(1999) Drama (Paramount) Nicolas Cage, Patricia Arquette, John Goodman, Ving Rhames, Tom Sizemore, Marc Anthony, Mary Beth Hurt, Cliff Curtis, Nestor Serrano, Aida Turturro, Sonja Sohn, Cynthia Roman, Afemo Omilami. Directed by Martin Scorsese
Martin Scorsese is one of my favorite directors. OK, that’s true for a lot of people – Scorsese is quite frankly one of the most accomplished directors ever. He knows the streets of New York City like nobody else. Whereas Woody Allen is uptown Manhattan, Scorsese is the lower Bronx. He can take murderers and junkies and make them compelling.
Bringing Out the Dead is about a burned-out New York EMS technician named Frank (Cage), who during the course of a hot, humid weekend, hopes to save a life and somehow find redemption from the ghosts that haunt him, particularly one named Rose, a street urchin who died while under his care.
During the first night, he and his larger-than-life partner (Goodman) haul in a coronary patient barely clinging to life. Frank finds himself drawn to the estranged daughter (Arquette) of the dying man, an oddly vulnerable woman with many complex layers. As the weekend progresses, Frank encounters junkies, drunks, gang bangers, victims, drug dealers, predators and criminals of all sorts.
Frank longs to be put out of his misery and tries his very best to get fired, turning to alcohol as the only way to ease his pain. Over the course of the weekend, he rides with a variety of partners, including the Bible-thumping lady-killer Marcus (Rhames) and on the final night, his psychotic ex-partner (Sizemore). He drifts through the flotsam and jetsam of humanity, struggling to avoid drowning himself.
Scorsese’s visual style carries the movie, using light and shadow to delineate Frank’s fall from grace and his attempt to rise above. Nobody uses motion and color like Scorsese, and he uses it well here.
Unfortunately, Paul Schrader’s script (Schrader and Scorsese previously collaborated on Taxi Driver) is scattershot, ill-plotted and occasionally pointless. I suppose the story is meant to reflect the pointlessness of life in the underbelly of a city where death and despair are constant companions. However, exorcising our demons is not just a matter of forgiveness; it requires faith and good timing too. When Frank encounters Rose for the last time, I found myself screaming at the screen “I get it, I get it already!!!!!!”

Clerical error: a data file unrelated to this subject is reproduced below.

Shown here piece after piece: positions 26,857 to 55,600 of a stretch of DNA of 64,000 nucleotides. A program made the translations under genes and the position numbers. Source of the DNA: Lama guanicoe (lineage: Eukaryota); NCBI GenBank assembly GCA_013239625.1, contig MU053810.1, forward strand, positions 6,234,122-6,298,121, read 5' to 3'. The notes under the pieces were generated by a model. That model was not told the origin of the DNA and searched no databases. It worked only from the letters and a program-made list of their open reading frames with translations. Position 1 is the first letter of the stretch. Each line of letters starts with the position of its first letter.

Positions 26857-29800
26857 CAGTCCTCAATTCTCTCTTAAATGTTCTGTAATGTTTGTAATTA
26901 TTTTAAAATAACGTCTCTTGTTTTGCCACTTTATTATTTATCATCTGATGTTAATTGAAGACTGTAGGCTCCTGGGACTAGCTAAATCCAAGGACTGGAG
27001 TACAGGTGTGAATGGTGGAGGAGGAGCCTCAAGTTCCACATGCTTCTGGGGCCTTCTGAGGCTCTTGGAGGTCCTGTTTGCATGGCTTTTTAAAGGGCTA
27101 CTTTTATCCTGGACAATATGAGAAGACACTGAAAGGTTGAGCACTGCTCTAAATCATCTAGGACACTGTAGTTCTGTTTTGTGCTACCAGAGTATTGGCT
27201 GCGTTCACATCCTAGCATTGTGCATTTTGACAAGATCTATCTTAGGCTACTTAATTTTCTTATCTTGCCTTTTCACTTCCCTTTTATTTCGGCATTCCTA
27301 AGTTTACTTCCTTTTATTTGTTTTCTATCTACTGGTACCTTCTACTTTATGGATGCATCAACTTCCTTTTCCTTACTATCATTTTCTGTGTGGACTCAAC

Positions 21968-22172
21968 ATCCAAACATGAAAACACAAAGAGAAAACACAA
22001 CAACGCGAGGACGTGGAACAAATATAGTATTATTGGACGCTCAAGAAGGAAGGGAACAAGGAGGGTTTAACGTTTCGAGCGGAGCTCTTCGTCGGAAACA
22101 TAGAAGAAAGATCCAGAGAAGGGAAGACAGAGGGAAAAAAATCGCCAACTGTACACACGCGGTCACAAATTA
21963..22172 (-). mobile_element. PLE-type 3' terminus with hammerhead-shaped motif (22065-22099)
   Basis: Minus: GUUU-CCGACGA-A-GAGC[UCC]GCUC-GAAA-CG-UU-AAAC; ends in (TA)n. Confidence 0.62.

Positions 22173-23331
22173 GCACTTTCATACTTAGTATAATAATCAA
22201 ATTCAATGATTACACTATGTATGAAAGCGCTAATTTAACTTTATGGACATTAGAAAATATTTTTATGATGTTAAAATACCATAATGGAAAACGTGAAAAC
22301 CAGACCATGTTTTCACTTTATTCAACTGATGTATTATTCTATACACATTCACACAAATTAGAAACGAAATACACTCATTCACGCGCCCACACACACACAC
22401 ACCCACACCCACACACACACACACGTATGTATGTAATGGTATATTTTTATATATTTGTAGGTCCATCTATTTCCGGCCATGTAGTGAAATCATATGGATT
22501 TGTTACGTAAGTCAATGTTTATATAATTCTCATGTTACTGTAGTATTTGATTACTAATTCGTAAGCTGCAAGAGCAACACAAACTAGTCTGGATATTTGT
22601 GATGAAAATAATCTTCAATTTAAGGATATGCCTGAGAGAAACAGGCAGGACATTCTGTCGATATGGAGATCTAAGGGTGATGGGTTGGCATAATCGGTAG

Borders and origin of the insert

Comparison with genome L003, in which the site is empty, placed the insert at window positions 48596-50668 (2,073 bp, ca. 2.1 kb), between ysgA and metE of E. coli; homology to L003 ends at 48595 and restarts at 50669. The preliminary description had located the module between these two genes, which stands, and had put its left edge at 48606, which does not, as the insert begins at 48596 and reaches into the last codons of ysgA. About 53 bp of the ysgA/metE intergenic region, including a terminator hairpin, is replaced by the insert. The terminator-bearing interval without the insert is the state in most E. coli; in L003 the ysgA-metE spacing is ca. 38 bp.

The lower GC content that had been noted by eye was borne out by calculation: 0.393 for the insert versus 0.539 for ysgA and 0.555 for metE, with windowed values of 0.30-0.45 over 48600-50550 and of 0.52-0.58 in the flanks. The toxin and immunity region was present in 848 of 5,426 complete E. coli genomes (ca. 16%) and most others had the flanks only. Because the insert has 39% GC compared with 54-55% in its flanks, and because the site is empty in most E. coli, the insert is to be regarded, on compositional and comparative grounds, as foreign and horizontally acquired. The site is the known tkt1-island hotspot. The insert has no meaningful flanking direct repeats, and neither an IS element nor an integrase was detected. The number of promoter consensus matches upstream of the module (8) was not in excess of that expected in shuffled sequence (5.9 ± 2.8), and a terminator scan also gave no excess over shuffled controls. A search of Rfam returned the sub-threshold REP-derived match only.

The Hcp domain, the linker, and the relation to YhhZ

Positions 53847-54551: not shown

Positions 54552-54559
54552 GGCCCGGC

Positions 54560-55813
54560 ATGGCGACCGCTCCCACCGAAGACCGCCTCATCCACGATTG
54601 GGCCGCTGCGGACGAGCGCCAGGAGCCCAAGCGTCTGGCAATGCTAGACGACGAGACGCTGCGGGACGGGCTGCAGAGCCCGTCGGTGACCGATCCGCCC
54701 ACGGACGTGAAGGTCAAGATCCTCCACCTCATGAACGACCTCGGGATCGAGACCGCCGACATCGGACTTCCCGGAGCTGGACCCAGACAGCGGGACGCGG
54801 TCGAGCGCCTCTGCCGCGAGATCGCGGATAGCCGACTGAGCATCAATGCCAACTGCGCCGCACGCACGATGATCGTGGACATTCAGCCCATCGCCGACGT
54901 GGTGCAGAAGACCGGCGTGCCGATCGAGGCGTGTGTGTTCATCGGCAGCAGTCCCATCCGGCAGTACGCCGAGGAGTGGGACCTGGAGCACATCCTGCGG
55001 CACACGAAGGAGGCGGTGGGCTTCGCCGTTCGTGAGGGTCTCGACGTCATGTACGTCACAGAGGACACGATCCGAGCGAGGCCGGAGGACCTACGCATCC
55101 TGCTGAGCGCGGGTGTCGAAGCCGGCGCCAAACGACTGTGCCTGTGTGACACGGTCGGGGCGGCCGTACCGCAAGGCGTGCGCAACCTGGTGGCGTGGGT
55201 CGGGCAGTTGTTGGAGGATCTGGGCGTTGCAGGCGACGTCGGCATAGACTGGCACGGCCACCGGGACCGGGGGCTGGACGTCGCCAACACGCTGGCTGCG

Cage was at a point in his career when he made this where he was still respected as an actor although he seems to be the butt of many late night talk show host jokes these days. His eyes here are sad, world-weary and expressive; it wasn’t his best performance ever but it might well make his all-time top ten. He gets to work off of a variety of foils for whom Sizemore and Goodman seem to be the most memorable. Arquette is luminous as Cage’s love interest.
Frank looks at the world through desperate eyes, seeking some kind of miracle in the muck. That he finds saintliness amid the squalor is a testament to his faith. That I watched the movie to its conclusion is a testament of my faith in Scorsese. Sadly, my faith was unrewarded, and I have to tell you that if you need a fix of Scorsese, go rent Casino, Goodfellas or The Departed instead.
WHY RENT THIS: Hey, it’s Martin Scorsese – that should be enough. One of Cage’s best all-time performances.
WHY RENT SOMETHING ELSE: An unsatisfying and often meandering plot line serves to emphasize the story’s points a little too much.
FAMILY MATTERS: There’s a good deal of violence, enough bad language to make anybody blush and a goodly amout of drug use.
TRIVIAL PURSUITS: There are two dispatchers heard in the movie, one male and one female. The male dispatcher’s voice is Scorsese; the female’s is rapper Queen Latifah, who would later go on to fame as an actress in her own right. This is also the last movie to be released on laserdisc.
NOTABLE DVD FEATURES: None listed.
BOX OFFICE PERFORMANCE: $16.8M on a $55M production budget; the movie was a commercial flop.
FINAL RATING: 4/10